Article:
Given: Three concurrent forces acting on a bracket
GROUP PROBLEM SOLVING Given: Three concurrent forces acting on a bracket Find: The magnitude and angle of the resultant force. Plan: a) Resolve the forces into their x and y components. b) Add the respective components to get the resultant vector. c) Find magnitude and angle from the resultant components. Statics:The Next Generation (2nd Ed.) Mehta, Danielson, & Berg Lecture Notes for Sections 2.1,2.2,2.4

GROUP PROBLEM SOLVING (continued)
F1 = { (5/13) 300 i + (12/13) 300 j } N = { i j } N F2 = {500 cos (30°) i sin (30°) j } N = { i j } N F3 = { 600 cos (45°) i  600 sin (45°) j } N { i  j } N Statics:The Next Generation (2nd Ed.) Mehta, Danielson, & Berg Lecture Notes for Sections 2.1,2.2,2.4

GROUP PROBLEM SOLVING (continued)
Summing up all the i and j components respectively, we get, FR = { ( ) i + ( – 424.3) j }N = { i j } N x y FR Now find the magnitude and angle, FR = ((972.7)2 + (102.7)2) ½ = N = tan–1( / ) = 6.03° From Positive x axis,  = 6.03° Statics:The Next Generation (2nd Ed.) Mehta, Danielson, & Berg Lecture Notes for Sections 2.1,2.2,2.4

ATTENTION QUIZ 1. Resolve F along x and y axes and write it in vector form. F = { ___________ } N A) 80 cos (30°) i – 80 sin (30°) j B) 80 sin (30°) i cos (30°) j C) 80 sin (30°) i – 80 cos (30°) j D) 80 cos (30°) i sin (30°) j 30° x y F = 80 N 2. Determine the magnitude of the resultant (F1 + F2) force in N when F1 = { 10 i j } N and F2 = { 20 i j } N . A) 30 N B) 40 N C) 50 N D) 60 N E) 70 N Answers: 1. C 2. C Statics:The Next Generation (2nd Ed.) Mehta, Danielson, & Berg Lecture Notes for Sections 2.1,2.2,2.4

End of the Lecture Let Learning Continue
Statics:The Next Generation (2nd Ed.) Mehta, Danielson, & Berg Lecture Notes for Sections 2.1,2.2,2.4

CARTESIAN VECTORS AND THEIR ADDITION & SUBTRACTION
Today’s Objectives: Students will be able to: a) Represent a 3-D vector in a Cartesian coordinate system. b) Find the magnitude and coordinate angles of a 3-D vector c) Add vectors (forces) in 3-D space In-Class Activities: Reading Quiz Applications / Relevance A Unit Vector 3-D Vector Terms Adding Vectors Concept Quiz Examples Attention Quiz Statics:The Next Generation (2nd Ed.) Mehta, Danielson, & Berg Lecture Notes for Sections 2.5,2.6

A) Euclidean B) Left-handed C) Greek D) Right-handed E) Egyptian
READING QUIZ 1. Vector algebra, as we are going to use it, is based on a ___________ coordinate system. A) Euclidean B) Left-handed C) Greek D) Right-handed E) Egyptian 2. The symbols , , and  designate the __________ of a 3-D Cartesian vector. A) Unit vectors B) Coordinate direction angles C) Greek societies D) X, Y and Z components Answers: 1. D 2. B Statics:The Next Generation (2nd Ed.) Mehta, Danielson, & Berg Lecture Notes for Sections 2.5,2.6

Many structures and machines involve 3-Dimensional Space.
APPLICATIONS Many structures and machines involve 3-Dimensional Space. In this case, the power pole has guy wires helping to keep it upright in high winds. How would you represent the forces in the cables using Cartesian vector form? Statics:The Next Generation (2nd Ed.) Mehta, Danielson, & Berg Lecture Notes for Sections 2.5,2.6

APPLICATIONS (continued)
In the case of this radio tower, if you know the forces in the three cables, how would you determine the resultant force acting at D, the top of the tower? Statics:The Next Generation (2nd Ed.) Mehta, Danielson, & Berg Lecture Notes for Sections 2.5,2.6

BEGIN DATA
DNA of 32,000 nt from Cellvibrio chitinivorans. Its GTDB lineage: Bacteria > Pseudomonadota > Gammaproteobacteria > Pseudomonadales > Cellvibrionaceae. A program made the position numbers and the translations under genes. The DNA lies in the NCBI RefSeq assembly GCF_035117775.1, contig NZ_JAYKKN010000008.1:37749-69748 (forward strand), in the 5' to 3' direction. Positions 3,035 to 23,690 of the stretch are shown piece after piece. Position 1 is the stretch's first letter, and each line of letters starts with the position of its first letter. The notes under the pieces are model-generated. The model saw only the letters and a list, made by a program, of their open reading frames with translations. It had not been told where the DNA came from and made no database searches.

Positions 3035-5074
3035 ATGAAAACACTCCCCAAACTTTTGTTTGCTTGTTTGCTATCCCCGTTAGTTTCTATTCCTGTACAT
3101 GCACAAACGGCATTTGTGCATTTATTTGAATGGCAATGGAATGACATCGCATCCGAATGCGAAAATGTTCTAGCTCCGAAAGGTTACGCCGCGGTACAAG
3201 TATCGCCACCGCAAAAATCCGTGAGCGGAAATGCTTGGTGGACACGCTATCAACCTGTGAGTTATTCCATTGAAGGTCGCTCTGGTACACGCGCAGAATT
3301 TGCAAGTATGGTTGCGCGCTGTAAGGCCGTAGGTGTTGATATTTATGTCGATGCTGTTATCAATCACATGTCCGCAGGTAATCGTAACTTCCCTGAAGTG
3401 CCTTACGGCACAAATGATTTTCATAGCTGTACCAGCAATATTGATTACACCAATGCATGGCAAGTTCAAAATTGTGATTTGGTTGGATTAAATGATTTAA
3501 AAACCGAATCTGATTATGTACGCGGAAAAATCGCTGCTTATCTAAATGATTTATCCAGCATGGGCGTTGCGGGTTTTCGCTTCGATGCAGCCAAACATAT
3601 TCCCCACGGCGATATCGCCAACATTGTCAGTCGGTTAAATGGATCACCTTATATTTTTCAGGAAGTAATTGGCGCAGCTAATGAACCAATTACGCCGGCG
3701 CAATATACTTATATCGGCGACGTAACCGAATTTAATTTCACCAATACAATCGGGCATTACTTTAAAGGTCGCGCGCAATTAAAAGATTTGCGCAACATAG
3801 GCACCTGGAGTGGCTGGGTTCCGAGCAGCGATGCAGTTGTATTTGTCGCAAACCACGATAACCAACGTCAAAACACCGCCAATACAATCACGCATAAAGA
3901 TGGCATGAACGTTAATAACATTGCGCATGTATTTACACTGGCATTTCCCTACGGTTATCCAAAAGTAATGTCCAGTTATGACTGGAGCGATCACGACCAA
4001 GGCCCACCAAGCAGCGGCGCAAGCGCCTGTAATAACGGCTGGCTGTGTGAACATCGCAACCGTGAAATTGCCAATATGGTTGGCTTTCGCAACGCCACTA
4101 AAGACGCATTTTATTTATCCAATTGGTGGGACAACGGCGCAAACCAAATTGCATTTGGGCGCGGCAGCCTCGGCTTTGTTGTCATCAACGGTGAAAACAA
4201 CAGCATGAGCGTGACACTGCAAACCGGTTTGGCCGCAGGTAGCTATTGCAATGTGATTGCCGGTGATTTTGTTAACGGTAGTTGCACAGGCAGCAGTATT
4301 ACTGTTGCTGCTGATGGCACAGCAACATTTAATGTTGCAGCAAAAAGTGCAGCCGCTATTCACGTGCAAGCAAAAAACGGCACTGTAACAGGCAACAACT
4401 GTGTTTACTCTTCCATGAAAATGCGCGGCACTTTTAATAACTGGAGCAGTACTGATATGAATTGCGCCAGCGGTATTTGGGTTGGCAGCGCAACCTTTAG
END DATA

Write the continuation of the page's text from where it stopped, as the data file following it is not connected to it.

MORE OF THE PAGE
CARTESIAN UNIT VECTORS
For a vector A, with a magnitude of A, an unit vector is defined as uA = A / A . Characteristics of a unit vector : a) Its magnitude is 1. b) It is dimensionless (has no units). c) It points in the same direction as the original vector (A). The unit vectors in the Cartesian axis system are i, j, and k. They are unit vectors along the positive x, y, and z axes respectively. Statics:The Next Generation (2nd Ed.) Mehta, Danielson, & Berg Lecture Notes for Sections 2.5,2.6

CARTESIAN VECTOR REPRESENTATION
Consider a box with sides AX, AY, and AZ meters long. The vector A can be defined as A = (AX i + AY j + AZ k) m The projection of vector A in the x-y plane is A´. The magnitude of A´ is found by using the same approach as a 2-D vector: A´ = (AX2 + AY2)1/2 . The magnitude of the position vector A can now be obtained as A = ((A´)2 + AZ2) ½ = (AX2 + AY2 + AZ2) ½ Statics:The Next Generation (2nd Ed.) Mehta, Danielson, & Berg Lecture Notes for Sections 2.5,2.6

DIRECTION OF A CARTESIAN VECTOR
These angles are measured between the vector and the positive X, Y and Z axes, respectively. Their range of values are from 0° to 180° The direction or orientation of vector A is defined by the angles ά, β, and γ. Using trigonometry, “direction cosines” are found using These angles are not independent. They must satisfy the following equation. cos ²  + cos ²  + cos ²  = 1 This result can be derived from the definition of a coordinate direction angles and the unit vector. Recall, the formula for finding the unit vector of any position vector: or written another way, u A = cos  i + cos  j + cos  k . Statics:The Next Generation (2nd Ed.) Mehta, Danielson, & Berg Lecture Notes for Sections 2.5,2.6

ADDITION OF CARTESIAN VECTORS (Section 2.6)
Once individual vectors are written in Cartesian form, it is easy to add or subtract them. The process is essentially the same as when 2-D vectors are added. For example, if A = AX i + AY j + AZ k and B = BX i + BY j + BZ k , then A + B = (AX + BX) i + (AY + BY) j + (AZ + BZ) k or A – B = (AX - BX) i + (AY - BY) j + (AZ - BZ) k . Statics:The Next Generation (2nd Ed.) Mehta, Danielson, & Berg Lecture Notes for Sections 2.5,2.6